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And hours turned into days...

This blog is from Vaughan Lewis who, as well as working with WASP is also a member of the Evenlode Catchment Partnership.


That’s it. 2023 is officially history. A year in which just about everyone finally realised just how broken and bad our sewage and water industry is.


Front page news, weaponised in Parliament and lampooned by comedians; poo was everywhere, at times quite literally.



Evenlode pollution


Let’s put some numbers on the extent of the problem, focussing on our local rivers, with polluter in chief, Thames Water responsible for the disposal of our sewage.


The figures are truly alarming.


The River Evenlode suffered the indignity of having in excess of 11,350 hours of untreated sewage dumped into it during 2023. That is 473 days' worth during a 365 day period.


Here is the Evenlode's history as a victim of pollution.





The figures for the River Cherwell are even more jaw-dropping: within the space of just 365 days, Thames Water managed to pollute this river for a mammoth 914 total days' worth.


Thames Water has committed to ‘reducing discharges to an average of 24 overflows per year’ to improve river quality by 2025, so even by that unambitious target, things don’t seem to be going well.




But of course, who really thought they would? Dumping of untreated sewage into rivers is inextricably linked to the inability of sewerage systems and sewage treatment works to manage rainwater and groundwater. Under-investment by Thames Water since privatisation has resulted in the dereliction and under-capacity of many of their systems and we can see evidence of that all around us.


Below we can see Oxfordshire's rivers being used as a dumping ground by Thames Water - courtesy of



- an excellent resource. Screenshot 8 January 2024.








Privatisation of water was sold to the public as a way to develop a modern sewerage system but it has simply been exploited by a voracious and greedy shareholder pool that has emptied the corporate cupboards.


Now, 2024 starts with the worst spilling record ever recorded for much of the catchment and a company with broken finances threatening the regulator with an even poorer service and account balance unless they are protected from 'excessive' - we might call them 'appropriate', fines. They want to increase the rate of return to their 'investors' who have perhaps become accustomed to excessive benefits and of course, charge us an extra 40% per household for the privilege of being caught in the monopoly trap.


What then should we do? WASP and other campaign groups have worked day and night to bring the issues to the public’s attention. Some customers have responded by refusing to pay their bills.



Others have found novel ways of expressing their disgust.



But water company intransigence and government foot-dragging mean things are going far too slowly for us here at WASP and for our rivers.


Working on the principle of adapting the tools available, we are promoting the use of EDM data to levy charges on water companies for hours of spilled sewage.


Taking the profit out of pollution.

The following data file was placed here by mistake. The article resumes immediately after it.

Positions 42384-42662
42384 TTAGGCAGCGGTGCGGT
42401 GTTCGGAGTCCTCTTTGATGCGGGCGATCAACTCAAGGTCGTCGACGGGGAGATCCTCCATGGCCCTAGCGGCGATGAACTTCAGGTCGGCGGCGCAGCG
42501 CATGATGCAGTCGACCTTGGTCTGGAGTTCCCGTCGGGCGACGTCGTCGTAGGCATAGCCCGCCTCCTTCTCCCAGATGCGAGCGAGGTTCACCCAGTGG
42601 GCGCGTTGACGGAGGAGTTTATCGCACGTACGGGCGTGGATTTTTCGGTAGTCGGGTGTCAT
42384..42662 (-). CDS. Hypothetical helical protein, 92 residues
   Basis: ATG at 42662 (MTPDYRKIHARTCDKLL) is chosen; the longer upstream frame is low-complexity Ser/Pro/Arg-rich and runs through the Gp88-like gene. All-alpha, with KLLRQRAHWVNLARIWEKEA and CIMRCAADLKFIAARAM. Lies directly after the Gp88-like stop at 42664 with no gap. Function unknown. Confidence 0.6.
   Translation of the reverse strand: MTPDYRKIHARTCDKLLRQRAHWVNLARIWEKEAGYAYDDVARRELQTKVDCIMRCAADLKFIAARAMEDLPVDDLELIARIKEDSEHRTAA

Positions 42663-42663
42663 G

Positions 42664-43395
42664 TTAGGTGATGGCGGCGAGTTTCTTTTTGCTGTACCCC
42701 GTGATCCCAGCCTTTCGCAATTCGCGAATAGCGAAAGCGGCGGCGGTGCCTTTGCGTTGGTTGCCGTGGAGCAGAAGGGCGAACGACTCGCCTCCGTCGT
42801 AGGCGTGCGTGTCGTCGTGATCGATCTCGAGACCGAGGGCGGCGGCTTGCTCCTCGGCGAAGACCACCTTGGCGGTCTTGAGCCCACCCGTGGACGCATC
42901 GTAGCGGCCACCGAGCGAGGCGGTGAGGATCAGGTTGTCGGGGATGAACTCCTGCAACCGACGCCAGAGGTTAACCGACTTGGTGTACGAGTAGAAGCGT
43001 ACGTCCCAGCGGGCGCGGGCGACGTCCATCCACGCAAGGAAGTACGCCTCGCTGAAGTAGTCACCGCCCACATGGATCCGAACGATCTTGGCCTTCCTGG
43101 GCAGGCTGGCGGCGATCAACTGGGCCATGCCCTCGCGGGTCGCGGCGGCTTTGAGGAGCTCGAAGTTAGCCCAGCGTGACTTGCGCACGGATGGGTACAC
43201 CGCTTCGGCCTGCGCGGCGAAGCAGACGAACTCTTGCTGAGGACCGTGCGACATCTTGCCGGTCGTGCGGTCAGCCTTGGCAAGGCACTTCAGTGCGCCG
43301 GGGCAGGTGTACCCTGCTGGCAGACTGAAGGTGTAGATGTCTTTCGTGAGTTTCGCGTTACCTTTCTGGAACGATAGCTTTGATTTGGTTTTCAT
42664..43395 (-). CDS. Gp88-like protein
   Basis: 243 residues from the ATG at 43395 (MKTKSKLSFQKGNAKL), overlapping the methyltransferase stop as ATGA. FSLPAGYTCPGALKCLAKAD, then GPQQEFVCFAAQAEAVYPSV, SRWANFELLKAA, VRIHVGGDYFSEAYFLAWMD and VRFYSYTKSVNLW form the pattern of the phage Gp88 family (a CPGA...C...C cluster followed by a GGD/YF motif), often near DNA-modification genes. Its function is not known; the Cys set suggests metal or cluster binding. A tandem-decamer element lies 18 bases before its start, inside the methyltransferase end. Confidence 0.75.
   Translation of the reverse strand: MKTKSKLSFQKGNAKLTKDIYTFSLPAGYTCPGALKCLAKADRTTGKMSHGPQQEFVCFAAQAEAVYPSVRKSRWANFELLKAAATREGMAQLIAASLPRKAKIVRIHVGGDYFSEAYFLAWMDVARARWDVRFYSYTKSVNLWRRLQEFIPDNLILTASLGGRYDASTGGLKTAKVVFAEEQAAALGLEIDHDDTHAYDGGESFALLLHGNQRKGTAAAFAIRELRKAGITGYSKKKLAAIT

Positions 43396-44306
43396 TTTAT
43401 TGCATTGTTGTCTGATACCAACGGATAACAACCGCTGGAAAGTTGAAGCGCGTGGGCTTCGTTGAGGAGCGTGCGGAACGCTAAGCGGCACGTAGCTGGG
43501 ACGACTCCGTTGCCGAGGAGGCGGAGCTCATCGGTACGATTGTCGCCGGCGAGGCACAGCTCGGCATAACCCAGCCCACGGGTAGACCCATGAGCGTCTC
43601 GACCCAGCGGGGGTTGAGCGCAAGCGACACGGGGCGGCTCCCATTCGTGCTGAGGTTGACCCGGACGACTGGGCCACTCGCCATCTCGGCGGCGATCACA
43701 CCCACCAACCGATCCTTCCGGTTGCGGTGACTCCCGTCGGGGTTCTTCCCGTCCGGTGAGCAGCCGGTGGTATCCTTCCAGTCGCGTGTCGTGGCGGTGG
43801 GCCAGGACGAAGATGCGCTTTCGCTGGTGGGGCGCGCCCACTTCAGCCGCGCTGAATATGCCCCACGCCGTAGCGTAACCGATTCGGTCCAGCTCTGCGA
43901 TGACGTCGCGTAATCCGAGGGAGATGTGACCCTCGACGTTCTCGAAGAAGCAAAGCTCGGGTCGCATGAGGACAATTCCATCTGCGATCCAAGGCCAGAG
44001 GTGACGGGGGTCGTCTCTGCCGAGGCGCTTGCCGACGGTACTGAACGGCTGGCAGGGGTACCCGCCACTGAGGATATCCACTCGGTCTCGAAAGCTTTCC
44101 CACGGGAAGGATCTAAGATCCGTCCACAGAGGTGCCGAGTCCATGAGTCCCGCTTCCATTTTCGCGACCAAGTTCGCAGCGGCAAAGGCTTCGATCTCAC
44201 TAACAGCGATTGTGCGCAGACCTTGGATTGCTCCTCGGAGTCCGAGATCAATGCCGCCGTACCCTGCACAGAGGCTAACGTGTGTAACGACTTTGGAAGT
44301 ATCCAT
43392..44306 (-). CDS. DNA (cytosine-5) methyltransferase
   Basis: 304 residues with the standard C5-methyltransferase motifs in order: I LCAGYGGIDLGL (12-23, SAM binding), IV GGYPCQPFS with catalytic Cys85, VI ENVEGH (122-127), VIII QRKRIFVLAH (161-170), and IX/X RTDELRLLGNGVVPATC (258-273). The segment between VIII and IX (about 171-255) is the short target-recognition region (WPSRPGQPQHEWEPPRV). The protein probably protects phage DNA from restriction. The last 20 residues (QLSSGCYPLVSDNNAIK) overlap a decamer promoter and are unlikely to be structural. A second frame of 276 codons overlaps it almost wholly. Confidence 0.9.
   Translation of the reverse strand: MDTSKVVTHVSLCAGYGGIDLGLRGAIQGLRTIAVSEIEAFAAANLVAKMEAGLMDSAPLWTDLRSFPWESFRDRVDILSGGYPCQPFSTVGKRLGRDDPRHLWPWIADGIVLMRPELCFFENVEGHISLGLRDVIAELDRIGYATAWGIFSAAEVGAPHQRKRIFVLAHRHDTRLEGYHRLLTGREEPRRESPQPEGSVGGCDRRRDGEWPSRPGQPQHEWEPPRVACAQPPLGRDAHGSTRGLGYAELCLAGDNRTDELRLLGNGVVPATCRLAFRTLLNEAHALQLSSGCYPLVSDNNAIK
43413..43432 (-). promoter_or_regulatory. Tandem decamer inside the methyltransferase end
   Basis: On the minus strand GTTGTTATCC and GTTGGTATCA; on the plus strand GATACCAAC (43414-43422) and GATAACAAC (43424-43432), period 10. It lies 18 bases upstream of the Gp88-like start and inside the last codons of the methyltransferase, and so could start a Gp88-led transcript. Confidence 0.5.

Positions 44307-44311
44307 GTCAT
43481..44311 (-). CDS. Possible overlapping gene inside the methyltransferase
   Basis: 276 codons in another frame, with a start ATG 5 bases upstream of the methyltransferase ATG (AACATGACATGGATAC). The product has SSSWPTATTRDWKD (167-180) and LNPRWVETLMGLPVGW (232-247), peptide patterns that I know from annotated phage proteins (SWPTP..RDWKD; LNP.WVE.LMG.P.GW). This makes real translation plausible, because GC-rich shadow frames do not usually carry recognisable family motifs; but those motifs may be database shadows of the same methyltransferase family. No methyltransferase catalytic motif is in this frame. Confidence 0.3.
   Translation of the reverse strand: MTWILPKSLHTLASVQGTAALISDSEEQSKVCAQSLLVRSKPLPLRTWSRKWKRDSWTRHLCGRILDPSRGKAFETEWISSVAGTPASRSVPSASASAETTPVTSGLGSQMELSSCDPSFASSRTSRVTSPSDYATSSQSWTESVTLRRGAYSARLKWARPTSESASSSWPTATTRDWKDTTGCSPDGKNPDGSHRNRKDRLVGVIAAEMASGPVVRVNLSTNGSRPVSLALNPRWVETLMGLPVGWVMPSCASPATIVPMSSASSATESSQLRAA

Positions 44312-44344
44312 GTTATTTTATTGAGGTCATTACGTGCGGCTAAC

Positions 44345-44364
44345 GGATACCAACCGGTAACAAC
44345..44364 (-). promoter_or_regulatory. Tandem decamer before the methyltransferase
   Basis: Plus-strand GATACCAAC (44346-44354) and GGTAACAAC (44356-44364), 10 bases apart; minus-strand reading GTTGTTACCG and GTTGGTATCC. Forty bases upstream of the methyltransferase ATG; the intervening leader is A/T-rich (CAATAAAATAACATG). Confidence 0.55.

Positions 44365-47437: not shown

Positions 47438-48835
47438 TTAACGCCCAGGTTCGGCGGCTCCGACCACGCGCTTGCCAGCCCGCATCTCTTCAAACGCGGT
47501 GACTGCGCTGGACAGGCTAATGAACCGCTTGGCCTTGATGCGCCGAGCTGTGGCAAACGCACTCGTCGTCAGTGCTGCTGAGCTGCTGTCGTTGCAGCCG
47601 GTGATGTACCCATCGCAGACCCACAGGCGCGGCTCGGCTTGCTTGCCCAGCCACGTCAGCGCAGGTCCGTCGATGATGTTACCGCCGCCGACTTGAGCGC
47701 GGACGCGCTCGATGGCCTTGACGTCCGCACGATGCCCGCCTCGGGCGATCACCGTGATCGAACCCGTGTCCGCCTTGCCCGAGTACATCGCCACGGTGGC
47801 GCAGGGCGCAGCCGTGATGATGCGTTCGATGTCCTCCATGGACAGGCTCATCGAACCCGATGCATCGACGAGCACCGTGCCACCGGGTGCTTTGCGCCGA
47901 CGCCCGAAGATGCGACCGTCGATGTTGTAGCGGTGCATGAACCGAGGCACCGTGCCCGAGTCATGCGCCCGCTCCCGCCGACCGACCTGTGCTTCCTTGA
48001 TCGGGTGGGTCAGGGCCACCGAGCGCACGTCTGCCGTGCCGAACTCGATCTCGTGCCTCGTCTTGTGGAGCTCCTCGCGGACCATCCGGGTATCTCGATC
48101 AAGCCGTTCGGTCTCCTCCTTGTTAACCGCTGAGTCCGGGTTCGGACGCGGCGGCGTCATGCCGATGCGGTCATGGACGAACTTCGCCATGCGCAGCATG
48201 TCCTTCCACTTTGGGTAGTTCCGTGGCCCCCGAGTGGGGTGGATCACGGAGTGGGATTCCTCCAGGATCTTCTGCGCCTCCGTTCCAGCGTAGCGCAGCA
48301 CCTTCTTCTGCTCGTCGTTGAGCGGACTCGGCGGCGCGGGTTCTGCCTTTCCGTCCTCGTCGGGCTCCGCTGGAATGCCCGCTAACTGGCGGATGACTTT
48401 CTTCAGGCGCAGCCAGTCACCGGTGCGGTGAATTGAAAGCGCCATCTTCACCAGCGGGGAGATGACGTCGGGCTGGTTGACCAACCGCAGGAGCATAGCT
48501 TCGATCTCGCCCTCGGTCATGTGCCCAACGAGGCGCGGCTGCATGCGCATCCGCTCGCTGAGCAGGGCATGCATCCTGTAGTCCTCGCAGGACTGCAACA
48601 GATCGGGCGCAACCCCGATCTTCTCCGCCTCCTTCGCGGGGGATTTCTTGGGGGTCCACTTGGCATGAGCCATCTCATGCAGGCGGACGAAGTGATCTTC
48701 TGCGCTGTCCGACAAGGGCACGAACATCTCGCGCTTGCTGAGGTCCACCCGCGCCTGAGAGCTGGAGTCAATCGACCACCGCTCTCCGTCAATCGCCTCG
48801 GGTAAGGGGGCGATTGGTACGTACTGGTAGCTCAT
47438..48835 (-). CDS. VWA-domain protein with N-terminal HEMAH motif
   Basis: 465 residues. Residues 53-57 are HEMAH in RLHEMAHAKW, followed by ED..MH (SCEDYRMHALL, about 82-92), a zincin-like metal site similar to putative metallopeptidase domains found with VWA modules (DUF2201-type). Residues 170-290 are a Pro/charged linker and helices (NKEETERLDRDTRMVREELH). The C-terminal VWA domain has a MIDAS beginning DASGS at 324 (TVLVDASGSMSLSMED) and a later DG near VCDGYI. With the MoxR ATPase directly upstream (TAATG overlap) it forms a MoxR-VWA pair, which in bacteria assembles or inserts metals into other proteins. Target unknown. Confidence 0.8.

Let’s take the Evenlode as an example. Assume that 20% of the hours recorded by the Event Duration Monitors (EDMs- these count the hours of spilling) are illegal. That’s probably not a bad estimate; overall illegality for the whole Thames region has been assessed by WASP as 13% for 2020 and 2021.


The Evenlode has a significant number of longer, ’dry’ spills as the result of groundwater

infiltration (not a valid reason for legal spilling), hence the higher figure.


Using an illegality rate of 20%, the 2023 spill figure for the Evenlode is 2,270 hours.


Now, take a deterrent charge of say £1,000/hour as an example of a reasonable levy on a water company prioritising polluting our rivers and protecting its shareholder dividends, over its environmental obligations.


Multiplying hours by the levy, produces a grand total of £2.27 million payment due by Thames Water to us, the billpayers in 2023 for damage done to the River Evenlode.


Using the mean annual hours spilled and a similar percentage illegality, the resulting nearly £8 million over four years would be enough to incentivise even the most curmudgeonly of board members to believe that perhaps, just perhaps, some meaningful investment might make some of this financial pain go away.


Looking further afield, TW dumped a total of 192,000 hours of untreated sewage across its region during 2023. Utilising an overall illegality rate of 13% and a per-hour levy of £1,000, then TW would be poorer to the tune of £25 million in 2023 but this levy would have to be made on dividends or whatever cunning financial vehicle was devised to carry money to the shareholders, and it may have to be increased to get their attention to end the sewage scandal.


The system has the simple beauty that it is market-based (the polluter pays per hour of sewage dumped), it utilises proven and available technology (building an algorithm to accommodate rainfall rates would not be difficult) and of course it does not take away the option of prosecution by Environment Agency in extreme cases - which is all they do in any event.


The money raised could in part, be used to revitalise and reinvent the Environment Agency into a regulatory body that its staff and society could be proud of, rather than the weak, broken apologist for the water industry that it is today.


What could possibly go wrong?


Happy New Year

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